After your C-Section, it's important that you take the time you need to heal. After all, your body has been through a lot to bring your baby into the world. Nevertheless, there are steps you can take to integrate exercise into your routine after a caesarean in a way that will aid your healing process and help you build up your strength.
To begin with, it's important you follow the advice of your midwife and don’t rush your body into any form of exercise too soon. If you are feeling ready to begin introducing some exercise after your C-Section and your midwife or health advisor agrees it is safe to do so, we have some recommendations on where to start.
Walking After a C-Section
The very first place to start when it comes to exercising after C-Section birth is walking. Staying mobile is going to be essential to your recovery, helping to avoid complications such as blood clots. You’ll be expected to get up and move around as soon as possible.
After you head home, walking is going to be the easiest way to add exercise to your daily routine in those first days and weeks after baby arrives. Walk a short distance to begin with and don’t overexert yourself.
As you recover your strength, you’ll be able to walk for longer distances and increase your pace.
Postpartum Pelvic Floor Exercises
Pregnancy can impact your pelvic floor, so this is a great place to start with dedicated exercises. Good pelvic floor function supports healthy bladder and bowel movement, helps to keep your lower organs where they are supposed to be, and can improve sex functions too. Gently working to improve your pelvic floor function after C-Section will help to keep you in good health and bodily function so you can put your focus on baby.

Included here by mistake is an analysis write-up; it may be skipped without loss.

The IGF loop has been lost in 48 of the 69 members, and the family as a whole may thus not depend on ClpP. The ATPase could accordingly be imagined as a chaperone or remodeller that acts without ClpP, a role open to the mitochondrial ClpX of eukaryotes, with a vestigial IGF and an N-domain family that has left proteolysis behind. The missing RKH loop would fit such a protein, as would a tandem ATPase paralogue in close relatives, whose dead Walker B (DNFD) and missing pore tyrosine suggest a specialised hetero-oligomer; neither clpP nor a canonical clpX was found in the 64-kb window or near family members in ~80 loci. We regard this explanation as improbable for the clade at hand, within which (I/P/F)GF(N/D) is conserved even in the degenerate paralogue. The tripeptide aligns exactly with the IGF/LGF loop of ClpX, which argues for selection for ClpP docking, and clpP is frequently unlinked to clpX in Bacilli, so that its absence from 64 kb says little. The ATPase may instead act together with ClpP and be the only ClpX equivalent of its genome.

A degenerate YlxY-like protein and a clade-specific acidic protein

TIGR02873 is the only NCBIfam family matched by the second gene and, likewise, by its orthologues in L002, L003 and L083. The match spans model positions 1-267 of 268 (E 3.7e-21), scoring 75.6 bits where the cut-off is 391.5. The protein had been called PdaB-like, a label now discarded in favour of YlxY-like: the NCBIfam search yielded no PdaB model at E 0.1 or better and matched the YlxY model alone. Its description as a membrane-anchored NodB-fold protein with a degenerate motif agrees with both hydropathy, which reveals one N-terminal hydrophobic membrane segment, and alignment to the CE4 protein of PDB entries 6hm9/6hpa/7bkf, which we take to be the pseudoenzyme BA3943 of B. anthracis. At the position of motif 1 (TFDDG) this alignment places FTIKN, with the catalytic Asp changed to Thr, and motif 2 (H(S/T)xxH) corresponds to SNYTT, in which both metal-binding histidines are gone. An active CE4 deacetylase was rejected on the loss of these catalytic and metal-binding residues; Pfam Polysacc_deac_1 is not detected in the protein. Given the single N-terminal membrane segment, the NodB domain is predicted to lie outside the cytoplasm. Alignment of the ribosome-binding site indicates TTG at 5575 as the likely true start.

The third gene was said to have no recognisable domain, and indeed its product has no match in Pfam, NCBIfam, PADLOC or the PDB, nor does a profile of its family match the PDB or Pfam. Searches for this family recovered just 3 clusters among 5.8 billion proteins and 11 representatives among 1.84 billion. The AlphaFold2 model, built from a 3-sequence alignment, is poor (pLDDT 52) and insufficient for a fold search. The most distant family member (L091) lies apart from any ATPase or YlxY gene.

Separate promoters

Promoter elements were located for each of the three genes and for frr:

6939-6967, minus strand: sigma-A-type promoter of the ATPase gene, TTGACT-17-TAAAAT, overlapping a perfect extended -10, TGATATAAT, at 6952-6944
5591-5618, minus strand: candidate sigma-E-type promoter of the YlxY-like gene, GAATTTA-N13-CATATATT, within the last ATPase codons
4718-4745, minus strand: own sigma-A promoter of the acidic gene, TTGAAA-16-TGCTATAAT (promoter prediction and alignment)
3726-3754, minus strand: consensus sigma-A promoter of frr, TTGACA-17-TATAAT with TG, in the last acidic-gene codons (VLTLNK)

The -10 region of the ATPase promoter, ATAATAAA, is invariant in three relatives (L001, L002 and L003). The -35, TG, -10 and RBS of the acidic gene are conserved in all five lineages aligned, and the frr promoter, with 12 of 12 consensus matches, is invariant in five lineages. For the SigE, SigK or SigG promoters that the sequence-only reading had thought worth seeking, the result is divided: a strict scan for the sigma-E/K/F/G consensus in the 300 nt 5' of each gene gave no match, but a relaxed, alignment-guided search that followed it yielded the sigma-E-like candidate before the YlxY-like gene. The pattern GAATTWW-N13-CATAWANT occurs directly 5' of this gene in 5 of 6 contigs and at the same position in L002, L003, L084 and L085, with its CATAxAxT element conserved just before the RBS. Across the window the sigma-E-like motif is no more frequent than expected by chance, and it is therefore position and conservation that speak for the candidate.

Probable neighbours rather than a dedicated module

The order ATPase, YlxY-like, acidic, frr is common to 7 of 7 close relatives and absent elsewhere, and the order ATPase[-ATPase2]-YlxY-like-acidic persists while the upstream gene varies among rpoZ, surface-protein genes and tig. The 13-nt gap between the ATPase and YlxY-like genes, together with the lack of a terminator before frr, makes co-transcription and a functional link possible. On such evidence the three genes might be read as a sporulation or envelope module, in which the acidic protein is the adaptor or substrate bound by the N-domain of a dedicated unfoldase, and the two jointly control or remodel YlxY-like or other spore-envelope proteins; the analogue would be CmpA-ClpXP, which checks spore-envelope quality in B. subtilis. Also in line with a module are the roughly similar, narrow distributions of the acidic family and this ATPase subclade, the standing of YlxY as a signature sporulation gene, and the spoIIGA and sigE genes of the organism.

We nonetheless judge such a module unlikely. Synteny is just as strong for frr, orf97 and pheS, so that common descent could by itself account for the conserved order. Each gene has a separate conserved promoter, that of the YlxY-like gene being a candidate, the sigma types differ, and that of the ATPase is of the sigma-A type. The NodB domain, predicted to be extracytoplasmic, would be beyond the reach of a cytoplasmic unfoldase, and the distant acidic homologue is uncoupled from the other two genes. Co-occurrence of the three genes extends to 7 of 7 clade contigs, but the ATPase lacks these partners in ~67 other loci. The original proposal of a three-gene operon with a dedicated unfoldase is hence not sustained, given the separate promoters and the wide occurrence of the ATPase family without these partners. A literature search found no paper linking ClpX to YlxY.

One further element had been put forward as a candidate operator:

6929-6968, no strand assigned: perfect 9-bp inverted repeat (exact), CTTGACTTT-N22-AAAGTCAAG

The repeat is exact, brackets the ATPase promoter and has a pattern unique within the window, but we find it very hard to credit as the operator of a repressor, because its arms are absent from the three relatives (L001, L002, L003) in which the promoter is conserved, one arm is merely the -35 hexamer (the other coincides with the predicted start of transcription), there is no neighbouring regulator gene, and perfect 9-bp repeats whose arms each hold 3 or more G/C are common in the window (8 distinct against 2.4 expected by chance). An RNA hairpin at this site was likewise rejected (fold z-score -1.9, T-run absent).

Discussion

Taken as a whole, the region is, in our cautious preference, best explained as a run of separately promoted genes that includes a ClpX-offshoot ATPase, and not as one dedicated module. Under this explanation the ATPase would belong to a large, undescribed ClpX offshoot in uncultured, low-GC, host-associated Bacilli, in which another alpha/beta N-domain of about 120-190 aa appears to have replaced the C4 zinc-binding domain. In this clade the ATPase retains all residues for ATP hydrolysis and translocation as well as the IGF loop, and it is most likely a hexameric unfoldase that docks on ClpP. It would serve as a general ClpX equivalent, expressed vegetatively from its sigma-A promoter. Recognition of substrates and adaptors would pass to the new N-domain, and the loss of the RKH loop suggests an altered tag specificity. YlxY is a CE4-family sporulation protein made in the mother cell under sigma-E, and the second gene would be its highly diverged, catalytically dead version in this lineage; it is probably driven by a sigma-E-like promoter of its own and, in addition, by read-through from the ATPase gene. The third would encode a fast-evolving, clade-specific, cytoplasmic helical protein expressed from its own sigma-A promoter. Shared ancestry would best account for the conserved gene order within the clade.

There are a great range of pelvic floor exercises you can begin to introduce into your daily routine that will help build your strength and aid your recovery after your c-section, and there are also many exercises that don’t require any equipment or space to try.
C-Section Core and Abdominal Exercises
Core and abdominal exercises are closely related to pelvic floor exercises, and the combination of the two exercises after your c-section can help you rebuild the strength in your tummy muscles and protect your spine.
Take it easy when you start with any abdominal exercises after a C-Section, and don’t start these exercises without speaking to your medical professional. If you are ready you can try some slow exercises including the following:
- Hold your breath and gently squeeze your abdominal muscles, hold this for five to ten seconds then gently release.
- Bridge slowly upwards, bracing yourself with your arms and palms flat to the ground, exhaling as you lift your bottom of the floor and create a straight line from your shoulders to your knees. Hold for a few seconds, then slowly lower yourself back to the ground.
- Stand up and raise your arms directly above your head, then slowly bend at the hips and lower yourself to a 90 degree angle or wherever feels comfortable. Slowly come back up.
Exercising after C-Section Safely
Whilst you might be itching to get back into your exercise routine, especially if you are usually a very active person, its important to remember that getting back into exercise too soon after your C-Section could set you back even further.
Giving your body the time it needs to heal will help you to get back to your pre-C-Section capability quicker and be overall better for your body, so take your time. Generally, it is recommended you wait at least 6 weeks before returning to any pre-pregnancy levels of exercise.
Build up your intensity gradually, prioritize low impact exercises, and listen to your body. If you experience pain from your C-Section scar when you begin exercise, you are likely not ready. Avoid high impact exercises that will put too much pressure on your body, like running or weight training.
Looking for further advice on C-Section recovery? Speak to a midwife